The more people and steps involved in a workflow, the slower things get — and the less time the studio has to get the advertisement polished and delivered. Sometimes, having the option of a more flexible, “red-tape-less” workflow can come in handy.

Don’t get us wrong: we’re not hating on the traditional workflow. With its multiple levels of checks and sign-offs, it is the tried and true way to ensure everyone is heard, and that nothing goes wrong.

But if you are looking to improve your efficiency, but have not considered a fast-track workflow, you might be missing out.

Fast-track workflows, sometimes known as ‘exception workflows’, aim to streamline the process by cutting down cutting the number of steps involved, usually by bypassing some of the usual approval steps.

There are no one set of rules for an efficient workflow, it all depends on size, budget, roles etc. But here are four easy steps to help you build a fast-track advertising workflow:

  1. Decide on who to include: by reducing the number of people touching a brief or who play a part in the approval process, you can speed up the process. This doesn’t mean you are cutting random people out of the project, but try to think about the bare minimum of decision makers that you need to involve, and start creating a workflow around them.
  2. Come up with strict, template-based processes: the more controlled your processes are, the faster things can be done. Decide on how things are to be done, by whom, and the time frames for each task. By standardizing and tightening up the practices around briefing, client change and approval, you can quickly apply the workflow to new projects.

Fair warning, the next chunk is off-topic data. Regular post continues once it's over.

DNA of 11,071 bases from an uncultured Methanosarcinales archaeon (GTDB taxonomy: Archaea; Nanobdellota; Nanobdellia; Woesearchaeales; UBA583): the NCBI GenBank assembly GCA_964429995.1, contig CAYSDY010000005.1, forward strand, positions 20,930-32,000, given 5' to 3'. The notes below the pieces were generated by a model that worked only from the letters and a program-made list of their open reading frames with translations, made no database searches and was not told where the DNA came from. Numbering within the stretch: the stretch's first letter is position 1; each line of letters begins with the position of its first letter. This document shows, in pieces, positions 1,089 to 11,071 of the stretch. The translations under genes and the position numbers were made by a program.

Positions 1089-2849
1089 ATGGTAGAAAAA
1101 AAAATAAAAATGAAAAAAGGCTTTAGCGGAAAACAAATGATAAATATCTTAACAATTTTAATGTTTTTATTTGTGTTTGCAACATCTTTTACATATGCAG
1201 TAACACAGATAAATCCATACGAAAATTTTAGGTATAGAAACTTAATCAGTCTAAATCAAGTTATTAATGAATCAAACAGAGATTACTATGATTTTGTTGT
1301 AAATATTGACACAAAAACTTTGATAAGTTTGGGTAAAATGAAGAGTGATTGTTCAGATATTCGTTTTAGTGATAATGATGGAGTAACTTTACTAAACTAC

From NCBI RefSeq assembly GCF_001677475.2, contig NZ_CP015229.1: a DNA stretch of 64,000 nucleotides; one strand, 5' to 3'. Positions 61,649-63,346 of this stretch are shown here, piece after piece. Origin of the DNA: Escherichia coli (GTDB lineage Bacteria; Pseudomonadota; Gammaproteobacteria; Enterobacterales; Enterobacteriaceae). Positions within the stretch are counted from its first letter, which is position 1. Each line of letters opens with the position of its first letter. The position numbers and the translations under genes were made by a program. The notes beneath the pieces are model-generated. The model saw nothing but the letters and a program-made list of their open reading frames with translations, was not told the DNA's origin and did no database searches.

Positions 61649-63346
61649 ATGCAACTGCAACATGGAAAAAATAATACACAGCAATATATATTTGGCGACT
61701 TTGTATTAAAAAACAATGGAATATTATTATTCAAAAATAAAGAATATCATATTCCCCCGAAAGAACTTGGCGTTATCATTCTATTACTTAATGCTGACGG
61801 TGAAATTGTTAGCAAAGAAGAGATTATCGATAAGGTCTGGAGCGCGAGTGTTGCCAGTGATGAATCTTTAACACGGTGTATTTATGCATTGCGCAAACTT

3. Build systems that allow clients to self-service: consider using things like asset management and workflow management systems that allow clients to quickly send files and comments over to you, jobs approval systems that clients can use to self-administer parts of the project, or even simply asking clients to notate PDFs for changes. The focus is on ease of use and accessibility for clients.
  4. Get the clients on board with said processes and systems: explain the process, and the benefits to the client, and train them in the use of the systems.

To fast-track or not to fast-track

Fast-track workflows sound like a good idea, but some print ad agencies have found them vulnerable to be abused, whether it’s by clients or the odd account services manager who want to get a job done without going through all the approval processes.

As a rule of thumb, project for larger brand clients which require a lot of nursing and account servicing should not be put into a fast-track workflow.

And some clients, particularly larger ones, may prefer to have ownership over the systems and software used in the workflow: in these cases it would not be feasible to ask these clients to adopt your processes. Because of these factors, some agencies prefer to reserve fast-track workflows for clients that they have reached a mutual understanding with.


Fast-track workflows are useful for saving time, but they have the potential to be abused. Not all projects should be fast-tracked – in fact, half the battle is in deciding whether a project should use a fast-tracked or the traditional full workflow. When making the decision, you always need to remember the needs of the clients – alongside your own needs.

View our free eBook – six efficiency tips for production studios and agencies for more info on the subject.